Chuck: Ah ok. Is Rust “rust”?
Judith: No, Rost with O, that’s “rust”.
Chuck: something.
Judith: No.
Chuck: Ok, never mind.
Judith: Don’t confuse our listeners.
Chuck: But it’s fun.
Judith: So we have Rast and with an A it means “rest”. And then we have Rost with an O, it means “rust” as in, yeah, what happens to iron.
Chuck: Yeah.
Judith: Manchmal schließ ich alle Türen nach mir zu.
Chuck: “Sometimes I close all the doors to me.”
Judith: “After me” as in I walk through a door and immediately close it. Manchmal ist mir kalt und manchmal heiß.
Chuck: “Sometimes I'm cold and sometimes hot.”
Judith: Yeah, notice ist mir. In German you can’t say ich bin kalt, ich bin heiß, you have to say mir ist kalt, mir ist heiß.
Chuck: Yeah. It has a bit of a different meaning if you can guess what “I'm hot” might mean.
Judith: Manchmal weiß ich nicht mehr, was ich weiß.
Chuck: “Sometimes I don't know any more what I know.”
Judith: It’s an easy song, isn’t it?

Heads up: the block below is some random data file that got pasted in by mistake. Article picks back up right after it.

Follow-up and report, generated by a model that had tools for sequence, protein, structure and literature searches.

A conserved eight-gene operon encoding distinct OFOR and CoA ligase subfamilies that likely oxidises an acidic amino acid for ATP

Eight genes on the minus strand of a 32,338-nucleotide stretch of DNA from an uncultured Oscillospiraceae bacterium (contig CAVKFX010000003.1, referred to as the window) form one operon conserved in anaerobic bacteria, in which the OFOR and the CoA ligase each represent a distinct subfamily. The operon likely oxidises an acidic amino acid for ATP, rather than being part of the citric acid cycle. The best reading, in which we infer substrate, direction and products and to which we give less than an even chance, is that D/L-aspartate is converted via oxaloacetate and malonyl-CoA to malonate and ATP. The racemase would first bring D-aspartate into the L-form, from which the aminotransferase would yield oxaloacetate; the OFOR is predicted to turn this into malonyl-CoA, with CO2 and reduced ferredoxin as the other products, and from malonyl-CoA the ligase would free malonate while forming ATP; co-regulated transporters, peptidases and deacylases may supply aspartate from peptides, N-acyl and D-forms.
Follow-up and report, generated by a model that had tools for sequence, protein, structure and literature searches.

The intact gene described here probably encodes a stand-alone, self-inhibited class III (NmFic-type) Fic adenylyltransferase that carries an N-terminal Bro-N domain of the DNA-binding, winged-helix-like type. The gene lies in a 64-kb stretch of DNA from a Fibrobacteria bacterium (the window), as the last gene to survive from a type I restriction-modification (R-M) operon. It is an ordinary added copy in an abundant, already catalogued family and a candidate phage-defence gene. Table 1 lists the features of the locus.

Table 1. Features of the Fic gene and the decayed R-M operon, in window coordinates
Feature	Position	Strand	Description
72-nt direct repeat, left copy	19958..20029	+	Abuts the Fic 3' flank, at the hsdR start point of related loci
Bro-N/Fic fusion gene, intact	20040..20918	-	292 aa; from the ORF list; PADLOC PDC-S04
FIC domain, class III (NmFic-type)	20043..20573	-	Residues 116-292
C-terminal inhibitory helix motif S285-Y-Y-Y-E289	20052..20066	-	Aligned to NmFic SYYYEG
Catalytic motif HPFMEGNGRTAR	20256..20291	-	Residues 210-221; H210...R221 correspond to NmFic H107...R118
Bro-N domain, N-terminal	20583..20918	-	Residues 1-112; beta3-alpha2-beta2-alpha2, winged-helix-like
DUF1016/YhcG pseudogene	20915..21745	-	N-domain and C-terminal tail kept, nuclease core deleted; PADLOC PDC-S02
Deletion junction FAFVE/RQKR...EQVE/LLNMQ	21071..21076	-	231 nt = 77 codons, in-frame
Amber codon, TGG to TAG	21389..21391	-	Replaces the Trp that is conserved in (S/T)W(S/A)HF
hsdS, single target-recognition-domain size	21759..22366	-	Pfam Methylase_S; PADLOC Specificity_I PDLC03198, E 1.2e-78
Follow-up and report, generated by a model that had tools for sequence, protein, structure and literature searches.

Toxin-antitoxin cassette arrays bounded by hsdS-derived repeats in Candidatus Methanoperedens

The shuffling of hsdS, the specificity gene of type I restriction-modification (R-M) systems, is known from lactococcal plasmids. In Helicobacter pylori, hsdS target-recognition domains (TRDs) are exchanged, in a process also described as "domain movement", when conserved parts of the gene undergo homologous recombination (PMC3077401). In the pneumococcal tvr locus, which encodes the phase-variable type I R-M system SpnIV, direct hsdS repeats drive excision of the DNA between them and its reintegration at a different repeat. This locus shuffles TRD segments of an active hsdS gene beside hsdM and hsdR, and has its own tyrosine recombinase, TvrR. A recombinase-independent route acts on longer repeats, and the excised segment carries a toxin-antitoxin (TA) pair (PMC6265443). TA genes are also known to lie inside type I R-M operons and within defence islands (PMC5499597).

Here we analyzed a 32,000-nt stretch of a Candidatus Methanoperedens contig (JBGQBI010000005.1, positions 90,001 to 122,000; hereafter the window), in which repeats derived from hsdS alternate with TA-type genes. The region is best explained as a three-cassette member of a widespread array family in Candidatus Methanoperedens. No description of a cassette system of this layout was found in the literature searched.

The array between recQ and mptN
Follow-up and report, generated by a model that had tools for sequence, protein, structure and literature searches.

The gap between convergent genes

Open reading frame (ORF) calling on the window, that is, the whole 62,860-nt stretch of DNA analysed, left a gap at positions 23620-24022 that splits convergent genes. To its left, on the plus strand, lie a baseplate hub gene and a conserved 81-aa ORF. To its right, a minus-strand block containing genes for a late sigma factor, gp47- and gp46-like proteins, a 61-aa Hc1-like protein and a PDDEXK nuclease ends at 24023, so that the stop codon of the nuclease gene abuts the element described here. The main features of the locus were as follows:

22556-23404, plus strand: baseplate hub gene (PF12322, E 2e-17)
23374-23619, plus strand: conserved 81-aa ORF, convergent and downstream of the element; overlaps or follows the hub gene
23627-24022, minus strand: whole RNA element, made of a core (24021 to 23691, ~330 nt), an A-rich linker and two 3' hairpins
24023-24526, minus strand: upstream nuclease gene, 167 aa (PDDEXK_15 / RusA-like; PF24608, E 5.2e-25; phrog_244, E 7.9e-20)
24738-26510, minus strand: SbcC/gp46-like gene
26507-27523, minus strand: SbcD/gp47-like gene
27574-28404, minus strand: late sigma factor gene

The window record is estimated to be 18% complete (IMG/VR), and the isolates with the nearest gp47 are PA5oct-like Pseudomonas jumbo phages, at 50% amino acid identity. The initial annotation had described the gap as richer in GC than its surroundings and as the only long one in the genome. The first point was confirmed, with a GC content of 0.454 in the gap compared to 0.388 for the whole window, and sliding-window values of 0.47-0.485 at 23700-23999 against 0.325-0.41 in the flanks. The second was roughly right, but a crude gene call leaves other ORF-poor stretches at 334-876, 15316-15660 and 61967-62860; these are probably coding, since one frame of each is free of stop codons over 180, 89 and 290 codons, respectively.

Chuck: Yeah, it much better than last one.
Judith: Manchmal bin ich schon am Morgen müd.
Chuck: “Sometimes I'm already tired in the morning.”
Judith: Und dann such ich Trost in einem Lied.
Chuck: “And then I look for peace”?
Judith: No, “consolation”. Trost is “consolation”.
Chuck: Ok. “Then I look for consolation in a song.” That’s probably why she’s singing actually… or he’s singing?
Judith: He.
Chuck: Ok. Oh, so now our listeners know I actually haven’t heard the song yet…
Judith: It’s bad. You need to prepare better.
Chuck: You only give them to me like a few minutes before we left. I didn’t have any time.
Judith: You listen to this right after the lesson, promise?
Chuck: Alright.
Judith: Ok. Now the chorus. Über sieben Brücken musst du gehen.